It is an unusual assembly of parents for a Sunday afternoon on Thantoni Amman Koil Street. They are waiting outside the office of the Malayali Samajam Villivakkam to pick their children up after the class. Inside, the room is animated with songs, accent on diction and story narration – all in Malayalam. The teacher, Preeja, promptly corrects a few of them: “Nammalkku English venda”.
Every weekend for over an hour many such associations and homes of residents in the city turn into Malayalam learning centres. Launched four months ago, Malayalam Mission, a project of Kerala government to teach non-resident Malayalees the mother tongue, now has 140 centres in the city, with 125 of them being homemakers trained to teach a segment the language in an easy to learn way. The classes are absolutely free and the teachers work on a voluntary basic with no remuneration.
In a largely English-based education system where mother tongue is slowly being wiped out, many such regional associations are taking some initiative to revive interest among the next generation. The Bengal Association, for instance, is also planning to offer classes in Bengali from next month. To start with, it plans to offer classes either on a weekly or a fortnightly basis. Shree Agarwal Sabha is planning to start teaching Hindi during the summer vacation. Indra Raj Bansal, its president, says many of the younger generation even do not know to speak Hindi fluently as it is mainly taught as a third language in school. “There are different dialects of Rajasthan in various districts, but we plan to first start with Hindi classes,” he says.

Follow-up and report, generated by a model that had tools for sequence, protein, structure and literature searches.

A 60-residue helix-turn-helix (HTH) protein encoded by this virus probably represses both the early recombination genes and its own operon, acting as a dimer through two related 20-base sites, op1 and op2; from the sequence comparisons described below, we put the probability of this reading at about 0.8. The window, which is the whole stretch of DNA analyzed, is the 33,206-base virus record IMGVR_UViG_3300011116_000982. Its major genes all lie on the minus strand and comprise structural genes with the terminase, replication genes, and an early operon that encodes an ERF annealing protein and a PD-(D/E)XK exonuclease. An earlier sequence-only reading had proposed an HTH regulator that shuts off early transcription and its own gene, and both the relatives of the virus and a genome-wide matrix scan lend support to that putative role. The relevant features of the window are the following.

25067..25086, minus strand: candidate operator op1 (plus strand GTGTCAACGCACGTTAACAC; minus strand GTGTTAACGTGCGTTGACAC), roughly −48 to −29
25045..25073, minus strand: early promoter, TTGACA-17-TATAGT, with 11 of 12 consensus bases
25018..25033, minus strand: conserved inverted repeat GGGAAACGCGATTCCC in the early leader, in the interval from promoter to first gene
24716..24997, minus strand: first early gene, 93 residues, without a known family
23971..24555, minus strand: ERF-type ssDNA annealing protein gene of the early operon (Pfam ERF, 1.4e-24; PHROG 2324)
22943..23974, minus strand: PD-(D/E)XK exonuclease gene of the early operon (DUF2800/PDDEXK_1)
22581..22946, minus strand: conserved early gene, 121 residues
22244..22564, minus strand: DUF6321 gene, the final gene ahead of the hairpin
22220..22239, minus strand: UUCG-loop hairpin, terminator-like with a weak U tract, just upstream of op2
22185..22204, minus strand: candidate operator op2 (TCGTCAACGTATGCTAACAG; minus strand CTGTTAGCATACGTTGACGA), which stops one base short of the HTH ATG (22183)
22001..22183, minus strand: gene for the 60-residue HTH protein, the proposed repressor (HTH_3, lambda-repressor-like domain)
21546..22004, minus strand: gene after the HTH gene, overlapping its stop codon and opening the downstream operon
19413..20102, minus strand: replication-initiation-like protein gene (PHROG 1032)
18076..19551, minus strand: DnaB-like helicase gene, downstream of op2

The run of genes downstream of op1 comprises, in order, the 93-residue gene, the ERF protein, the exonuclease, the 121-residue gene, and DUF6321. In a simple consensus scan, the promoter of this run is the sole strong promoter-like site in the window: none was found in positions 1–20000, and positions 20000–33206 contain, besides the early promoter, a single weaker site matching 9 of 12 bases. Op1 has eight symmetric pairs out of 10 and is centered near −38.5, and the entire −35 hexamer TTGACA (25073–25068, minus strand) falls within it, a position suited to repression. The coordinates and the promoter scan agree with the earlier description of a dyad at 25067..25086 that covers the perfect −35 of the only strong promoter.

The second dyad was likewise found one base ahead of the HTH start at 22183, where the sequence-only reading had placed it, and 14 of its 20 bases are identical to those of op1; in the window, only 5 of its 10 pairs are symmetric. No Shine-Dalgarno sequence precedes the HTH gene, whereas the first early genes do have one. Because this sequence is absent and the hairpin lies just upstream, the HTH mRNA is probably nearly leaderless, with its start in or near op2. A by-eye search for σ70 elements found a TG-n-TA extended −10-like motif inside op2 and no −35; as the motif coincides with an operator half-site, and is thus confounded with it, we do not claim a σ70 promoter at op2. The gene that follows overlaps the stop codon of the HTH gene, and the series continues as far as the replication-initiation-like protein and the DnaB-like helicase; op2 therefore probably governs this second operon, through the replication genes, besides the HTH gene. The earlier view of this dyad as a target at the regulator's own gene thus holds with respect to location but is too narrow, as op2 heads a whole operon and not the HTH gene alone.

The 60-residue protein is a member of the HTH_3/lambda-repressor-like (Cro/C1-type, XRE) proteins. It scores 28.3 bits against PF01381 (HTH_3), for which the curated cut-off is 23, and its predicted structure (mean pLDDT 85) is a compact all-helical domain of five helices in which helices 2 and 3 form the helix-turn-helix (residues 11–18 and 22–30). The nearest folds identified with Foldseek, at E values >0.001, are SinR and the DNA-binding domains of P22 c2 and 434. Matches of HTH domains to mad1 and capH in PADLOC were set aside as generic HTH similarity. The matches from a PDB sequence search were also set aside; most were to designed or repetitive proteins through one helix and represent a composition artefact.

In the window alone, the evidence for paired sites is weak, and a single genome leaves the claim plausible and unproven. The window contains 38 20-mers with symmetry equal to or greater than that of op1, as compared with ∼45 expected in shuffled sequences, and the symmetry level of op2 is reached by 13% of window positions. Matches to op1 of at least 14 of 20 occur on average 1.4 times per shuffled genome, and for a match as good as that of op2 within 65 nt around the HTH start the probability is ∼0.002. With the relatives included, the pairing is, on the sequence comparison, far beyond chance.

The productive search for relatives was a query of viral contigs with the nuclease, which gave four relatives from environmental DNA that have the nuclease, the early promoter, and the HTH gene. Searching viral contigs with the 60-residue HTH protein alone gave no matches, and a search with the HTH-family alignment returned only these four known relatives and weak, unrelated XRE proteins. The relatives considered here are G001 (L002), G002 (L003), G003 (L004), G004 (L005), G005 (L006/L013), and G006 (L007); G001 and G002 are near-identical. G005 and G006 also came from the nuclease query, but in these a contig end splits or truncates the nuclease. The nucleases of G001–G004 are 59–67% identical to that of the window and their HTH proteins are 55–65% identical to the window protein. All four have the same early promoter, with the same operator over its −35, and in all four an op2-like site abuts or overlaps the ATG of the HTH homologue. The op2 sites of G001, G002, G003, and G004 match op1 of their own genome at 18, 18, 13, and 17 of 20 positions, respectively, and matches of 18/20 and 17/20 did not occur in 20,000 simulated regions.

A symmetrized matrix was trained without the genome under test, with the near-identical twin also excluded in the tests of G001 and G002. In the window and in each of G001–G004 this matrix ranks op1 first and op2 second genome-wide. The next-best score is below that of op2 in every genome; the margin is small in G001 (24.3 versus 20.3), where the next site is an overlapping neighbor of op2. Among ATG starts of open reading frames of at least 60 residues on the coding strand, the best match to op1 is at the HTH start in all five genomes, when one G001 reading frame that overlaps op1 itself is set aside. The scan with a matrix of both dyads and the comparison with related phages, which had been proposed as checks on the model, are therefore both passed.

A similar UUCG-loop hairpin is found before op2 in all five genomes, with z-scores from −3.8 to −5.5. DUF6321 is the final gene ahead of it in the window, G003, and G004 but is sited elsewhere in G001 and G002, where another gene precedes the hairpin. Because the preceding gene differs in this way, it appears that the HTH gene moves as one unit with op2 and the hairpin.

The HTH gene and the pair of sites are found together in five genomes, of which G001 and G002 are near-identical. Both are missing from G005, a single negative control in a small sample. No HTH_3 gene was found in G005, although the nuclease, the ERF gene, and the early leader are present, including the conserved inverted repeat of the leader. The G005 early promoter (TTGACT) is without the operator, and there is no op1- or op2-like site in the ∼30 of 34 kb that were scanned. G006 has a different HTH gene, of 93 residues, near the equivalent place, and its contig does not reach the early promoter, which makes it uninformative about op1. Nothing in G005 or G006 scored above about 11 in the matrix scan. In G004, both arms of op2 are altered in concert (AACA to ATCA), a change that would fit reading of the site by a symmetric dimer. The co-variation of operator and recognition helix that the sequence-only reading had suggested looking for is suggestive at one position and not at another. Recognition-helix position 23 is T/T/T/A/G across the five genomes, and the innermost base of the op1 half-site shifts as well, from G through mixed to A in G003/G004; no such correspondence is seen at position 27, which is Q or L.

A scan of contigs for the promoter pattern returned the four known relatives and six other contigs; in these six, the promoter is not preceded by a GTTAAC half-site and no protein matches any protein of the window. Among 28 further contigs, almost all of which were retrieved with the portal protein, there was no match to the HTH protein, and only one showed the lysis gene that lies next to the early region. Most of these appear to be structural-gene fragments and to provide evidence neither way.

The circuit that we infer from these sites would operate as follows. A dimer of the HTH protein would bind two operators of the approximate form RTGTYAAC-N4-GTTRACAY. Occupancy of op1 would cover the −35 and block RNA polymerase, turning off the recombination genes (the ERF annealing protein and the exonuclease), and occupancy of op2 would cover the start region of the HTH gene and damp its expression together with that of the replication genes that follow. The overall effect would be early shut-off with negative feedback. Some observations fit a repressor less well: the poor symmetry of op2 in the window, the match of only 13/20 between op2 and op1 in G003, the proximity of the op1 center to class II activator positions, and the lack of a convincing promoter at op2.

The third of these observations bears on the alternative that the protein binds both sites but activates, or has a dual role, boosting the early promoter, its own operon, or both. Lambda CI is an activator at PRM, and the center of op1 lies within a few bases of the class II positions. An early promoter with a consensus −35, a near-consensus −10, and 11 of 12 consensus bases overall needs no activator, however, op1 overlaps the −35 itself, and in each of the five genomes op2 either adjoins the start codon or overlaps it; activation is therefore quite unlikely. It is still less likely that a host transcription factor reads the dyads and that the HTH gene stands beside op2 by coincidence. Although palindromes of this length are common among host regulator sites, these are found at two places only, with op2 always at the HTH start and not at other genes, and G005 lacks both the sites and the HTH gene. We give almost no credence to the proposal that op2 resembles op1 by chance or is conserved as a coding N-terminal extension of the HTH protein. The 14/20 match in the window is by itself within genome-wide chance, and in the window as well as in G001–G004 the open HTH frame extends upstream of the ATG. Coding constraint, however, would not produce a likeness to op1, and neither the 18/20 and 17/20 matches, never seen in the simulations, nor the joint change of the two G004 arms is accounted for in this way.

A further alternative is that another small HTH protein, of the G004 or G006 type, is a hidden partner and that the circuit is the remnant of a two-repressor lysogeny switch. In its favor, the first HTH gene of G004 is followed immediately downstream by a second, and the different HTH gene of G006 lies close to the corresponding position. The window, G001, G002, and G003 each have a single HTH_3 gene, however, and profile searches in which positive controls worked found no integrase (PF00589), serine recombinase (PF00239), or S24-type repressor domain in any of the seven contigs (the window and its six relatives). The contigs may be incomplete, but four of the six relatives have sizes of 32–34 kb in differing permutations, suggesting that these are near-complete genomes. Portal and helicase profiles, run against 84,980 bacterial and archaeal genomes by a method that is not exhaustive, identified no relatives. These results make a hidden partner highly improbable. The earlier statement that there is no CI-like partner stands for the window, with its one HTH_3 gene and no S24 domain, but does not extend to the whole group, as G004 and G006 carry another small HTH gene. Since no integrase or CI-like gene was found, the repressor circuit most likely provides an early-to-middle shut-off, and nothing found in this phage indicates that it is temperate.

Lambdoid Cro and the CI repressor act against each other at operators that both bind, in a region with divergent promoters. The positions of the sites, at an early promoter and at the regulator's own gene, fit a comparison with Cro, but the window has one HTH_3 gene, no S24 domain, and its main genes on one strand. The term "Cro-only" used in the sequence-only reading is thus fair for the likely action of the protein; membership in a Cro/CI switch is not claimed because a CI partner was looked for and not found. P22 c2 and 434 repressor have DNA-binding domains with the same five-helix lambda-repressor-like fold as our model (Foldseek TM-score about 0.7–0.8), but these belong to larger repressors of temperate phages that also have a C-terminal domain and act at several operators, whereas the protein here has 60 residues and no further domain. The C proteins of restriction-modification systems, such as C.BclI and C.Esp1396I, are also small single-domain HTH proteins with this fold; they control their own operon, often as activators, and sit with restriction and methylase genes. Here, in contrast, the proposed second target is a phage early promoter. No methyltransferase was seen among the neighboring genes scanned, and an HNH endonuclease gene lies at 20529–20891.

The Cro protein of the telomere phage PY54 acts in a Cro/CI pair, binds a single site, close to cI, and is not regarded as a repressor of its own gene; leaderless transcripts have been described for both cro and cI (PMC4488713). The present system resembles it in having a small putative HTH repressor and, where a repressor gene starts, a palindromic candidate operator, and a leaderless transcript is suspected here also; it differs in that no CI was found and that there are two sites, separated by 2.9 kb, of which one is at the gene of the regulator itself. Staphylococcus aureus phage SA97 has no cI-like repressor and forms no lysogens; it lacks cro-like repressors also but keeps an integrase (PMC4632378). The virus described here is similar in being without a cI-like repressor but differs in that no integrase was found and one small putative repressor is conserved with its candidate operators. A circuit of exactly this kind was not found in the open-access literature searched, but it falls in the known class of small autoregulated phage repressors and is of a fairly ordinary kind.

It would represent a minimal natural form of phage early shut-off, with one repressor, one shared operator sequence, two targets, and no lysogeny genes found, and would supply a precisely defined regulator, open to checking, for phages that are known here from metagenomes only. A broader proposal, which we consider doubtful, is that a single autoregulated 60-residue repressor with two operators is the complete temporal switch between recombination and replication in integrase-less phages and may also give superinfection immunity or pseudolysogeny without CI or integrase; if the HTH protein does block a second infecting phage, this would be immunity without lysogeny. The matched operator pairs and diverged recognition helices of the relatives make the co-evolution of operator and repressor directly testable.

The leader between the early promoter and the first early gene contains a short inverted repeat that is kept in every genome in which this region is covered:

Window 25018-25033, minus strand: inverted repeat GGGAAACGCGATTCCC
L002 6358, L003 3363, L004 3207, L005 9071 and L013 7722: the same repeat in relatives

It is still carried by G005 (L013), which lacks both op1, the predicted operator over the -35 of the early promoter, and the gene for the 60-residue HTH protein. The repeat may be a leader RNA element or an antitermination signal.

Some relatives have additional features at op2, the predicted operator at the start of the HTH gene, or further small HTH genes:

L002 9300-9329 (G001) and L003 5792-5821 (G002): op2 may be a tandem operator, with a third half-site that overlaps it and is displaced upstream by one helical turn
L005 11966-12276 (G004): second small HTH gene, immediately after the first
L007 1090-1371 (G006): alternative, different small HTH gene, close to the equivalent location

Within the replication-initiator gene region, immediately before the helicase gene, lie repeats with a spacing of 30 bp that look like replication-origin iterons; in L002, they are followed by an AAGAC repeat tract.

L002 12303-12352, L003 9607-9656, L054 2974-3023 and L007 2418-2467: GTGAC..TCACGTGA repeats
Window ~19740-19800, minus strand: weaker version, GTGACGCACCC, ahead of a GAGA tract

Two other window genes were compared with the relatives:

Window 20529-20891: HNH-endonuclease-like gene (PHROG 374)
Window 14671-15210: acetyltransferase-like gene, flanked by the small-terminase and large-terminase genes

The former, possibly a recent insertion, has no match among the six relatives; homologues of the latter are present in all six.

The Punjab Association in association with University of Madras continues to run a programme that teaches interested people Punjabi from scratch. Sustaining interest amid academic pressures is one of the main concerns members of various associations have in running these language classes. Some have even discontinued such programmes.
As Bihari Lala Ahuja, secretary of Sadhu Vaswani Centre, Egmore, says for three-four years the centre taught Sindhi to children and elders but the number slowly dwindled. “We discontinued the classes four-five years ago. But, we have teachers and we do not charge any fee from students, we just want families to take interest in sending youngsters to the classes,” says Mr. Ahuja.
The Telugu associations too are facing a similar challenge. But, is childhood the best time to pick up one's mother tongue? Debarati Bhajan, a civil engineer, recalls her grandfather getting her alphabet books in Bengali every time she went to her hometown. “I was in school then and even learnt to read a little, but once I was back in school I forgot,” she says. But, with time, we are realising the importance of knowing our mother tongue and I would appreciate learning it better now, she adds.
New teaching methods
M.Nanda Govind, president of Malayalam Mission for Tamil Nadu, says it is important that such classes evolve with time. “Our classes are different from the conventional way of teaching Malayalam where it generally starts with learning aksharam. But at the same time it is like any other curriculum,” he says.
A total of 40 classes are conducted a year and students also have to give an exam. After completing the four levels, a student gets a certificate equivalent to the SSLC offered by Kerala Education Department.
While the bigger challenge is to ensure parents motivate their children for such classes, it is equally a task to sustain such programmes as students are not required to pay any fee and teachers work on an honorary basis. As M.R. Preeja adds,
“It is important to motivate teachers with some remuneration, which the Kerala government should consider to get more teachers and students.”